The Greenwood Interprofessional Autism Center Project’s current phase is projected to be completed by Aug. 2023.
Greenwood would be primarily used as a center to serve people within the autistic community from Kirksville and surrounding areas, said Brandon Herscovitch, director of the Greenwood Interprofessional Autism Center.
The Greenwood building is located next to Truman State University’s campus. Greenwood used to house one of the local elementary schools until the building was acquired by the University during the 90’s, Dave Rector, vice president for administration, finance and planning said.
Herscovitch said they could serve people from childhood through adulthood, depending on those who visit the center.
Another benefit of the Greenwood Center would be to enhance the academic experience of Truman students, Herscovitch said. This will be done through experiential learning as well as having a place to meet and work with colleagues, though the details are still being worked out, he said
“There’s certain things that I just kind of know we are going to do, but as I start to learn about the community’s needs, that will help me determine, ‘do we need more space?’ or classroom learning versus individual,” Herscovitch said.
The project began during 2017 when the initial proposal for the Greenwood Center came from the academic side of the University, Rector said. This included the then-Provost Sue Thomas.
A full appropriation from the state was acquired for the project initially, but because of government financial constraints, most of the money was withheld. Money was then acquired later to renovate the windows of the building, but a third of that was withheld as well, Rector said.
During that stage, most of the windows were renovated, leaving some unfinished. This allowed for transferring materials through the unfinished windows at later stages of the project, Rector said.
The University then acquired money for site development through the government. Rector said this stage involved building the parking lot as well as reworking the utility lines for the building, including water, sewer, natural gas and electrical lines.
The next phase is the current stage of development. The construction is being carried out by a local contractor called PSR Construction. PSR Construction was chosen based on their bid as well as past experience with the University. The funds for this phase were awarded during April and construction began during May, Rector said.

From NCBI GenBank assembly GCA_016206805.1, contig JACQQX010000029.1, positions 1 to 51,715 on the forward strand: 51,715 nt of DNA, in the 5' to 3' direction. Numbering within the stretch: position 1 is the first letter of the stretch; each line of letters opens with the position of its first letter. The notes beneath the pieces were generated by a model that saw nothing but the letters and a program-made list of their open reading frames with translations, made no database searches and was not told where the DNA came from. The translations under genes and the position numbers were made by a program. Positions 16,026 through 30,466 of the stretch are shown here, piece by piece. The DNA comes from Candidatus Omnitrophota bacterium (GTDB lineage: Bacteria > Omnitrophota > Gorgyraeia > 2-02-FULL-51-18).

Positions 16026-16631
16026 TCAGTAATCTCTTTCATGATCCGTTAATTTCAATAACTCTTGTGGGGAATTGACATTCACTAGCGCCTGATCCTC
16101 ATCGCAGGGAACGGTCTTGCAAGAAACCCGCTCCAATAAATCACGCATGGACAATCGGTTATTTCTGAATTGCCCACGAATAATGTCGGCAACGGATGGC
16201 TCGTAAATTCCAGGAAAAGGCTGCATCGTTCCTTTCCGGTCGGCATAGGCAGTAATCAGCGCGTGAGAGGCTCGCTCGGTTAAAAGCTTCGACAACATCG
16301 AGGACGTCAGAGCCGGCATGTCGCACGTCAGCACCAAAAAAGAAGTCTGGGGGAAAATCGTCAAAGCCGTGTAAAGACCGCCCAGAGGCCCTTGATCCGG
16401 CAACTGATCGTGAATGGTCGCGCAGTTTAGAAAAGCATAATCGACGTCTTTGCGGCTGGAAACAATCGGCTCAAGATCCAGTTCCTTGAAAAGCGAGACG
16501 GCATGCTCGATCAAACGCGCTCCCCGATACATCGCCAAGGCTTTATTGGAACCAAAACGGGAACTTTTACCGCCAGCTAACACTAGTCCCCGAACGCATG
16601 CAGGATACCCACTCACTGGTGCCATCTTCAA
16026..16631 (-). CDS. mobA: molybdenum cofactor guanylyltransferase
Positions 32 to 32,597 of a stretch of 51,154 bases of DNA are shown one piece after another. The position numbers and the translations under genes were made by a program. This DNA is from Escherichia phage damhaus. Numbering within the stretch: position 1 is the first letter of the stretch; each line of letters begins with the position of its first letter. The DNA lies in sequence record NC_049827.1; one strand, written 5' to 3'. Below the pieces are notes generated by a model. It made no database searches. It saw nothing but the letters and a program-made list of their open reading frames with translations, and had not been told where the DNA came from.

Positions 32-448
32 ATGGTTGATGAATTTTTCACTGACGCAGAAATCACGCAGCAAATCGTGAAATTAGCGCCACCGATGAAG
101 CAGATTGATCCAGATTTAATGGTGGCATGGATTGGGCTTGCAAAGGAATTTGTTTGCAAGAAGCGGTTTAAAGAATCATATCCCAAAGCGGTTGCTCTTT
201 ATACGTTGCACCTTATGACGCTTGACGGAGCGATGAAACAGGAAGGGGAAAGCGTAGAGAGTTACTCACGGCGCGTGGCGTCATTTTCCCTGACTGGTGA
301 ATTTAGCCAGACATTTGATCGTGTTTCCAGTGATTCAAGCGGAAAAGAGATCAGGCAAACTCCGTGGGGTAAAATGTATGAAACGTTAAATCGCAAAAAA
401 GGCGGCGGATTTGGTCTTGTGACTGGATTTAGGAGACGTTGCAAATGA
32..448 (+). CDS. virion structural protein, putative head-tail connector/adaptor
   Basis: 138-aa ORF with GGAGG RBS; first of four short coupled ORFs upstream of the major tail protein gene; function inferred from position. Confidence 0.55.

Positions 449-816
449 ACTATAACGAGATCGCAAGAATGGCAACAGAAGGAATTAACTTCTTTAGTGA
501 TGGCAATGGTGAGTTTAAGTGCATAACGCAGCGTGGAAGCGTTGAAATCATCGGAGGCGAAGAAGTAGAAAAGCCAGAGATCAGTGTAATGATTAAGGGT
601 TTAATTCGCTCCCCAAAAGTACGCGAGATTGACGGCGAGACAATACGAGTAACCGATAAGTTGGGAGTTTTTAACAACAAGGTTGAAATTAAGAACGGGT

The Greenwood Project’s budget is $5.6 million for the current stage of development with $4.6 million of the funds coming from the Missouri government. Another $1.1 million was given to the University for the Greenwood Project by the Sunderland Foundation, a Kansas City-based organization, according to a document from a Board of Governors meeting.
The current construction phase involves the construction of a small two-story addition to the side of the building. This addition will house an elevator for the building, Rector said.
Much of the current construction will focus on the first floor of the building. A reception and waiting area, exam rooms, classrooms, therapy rooms and an administrative support area will be created during this phase, Rector said.
Further improvements to the building include HVAC systems, electrical services, fire alarms, sprinklers and restrooms. Updates to the second floor of the building will be focused on providing space for future expansion, Rector said.
“Obviously, if the second phase isn’t done, you don’t want to start trying to serve people in there meanwhile someone in the building is using a drill or a power saw,” Rector said.
This phase is projected to be completed Aug. 2023. The next phase would then be reviewed by the Board of Governors during December and begin during January if approved, Rector said.
The next phase has a congressionally directed spending budget from the federal government through Missouri Senator Roy Blunt for $3.1 million. This phase is currently out to bid, Rector said.
The entire Greenwood Center Project may be completed during Aug. 2023, but because of supply chain issues, this date is not yet confirmed, Rector said.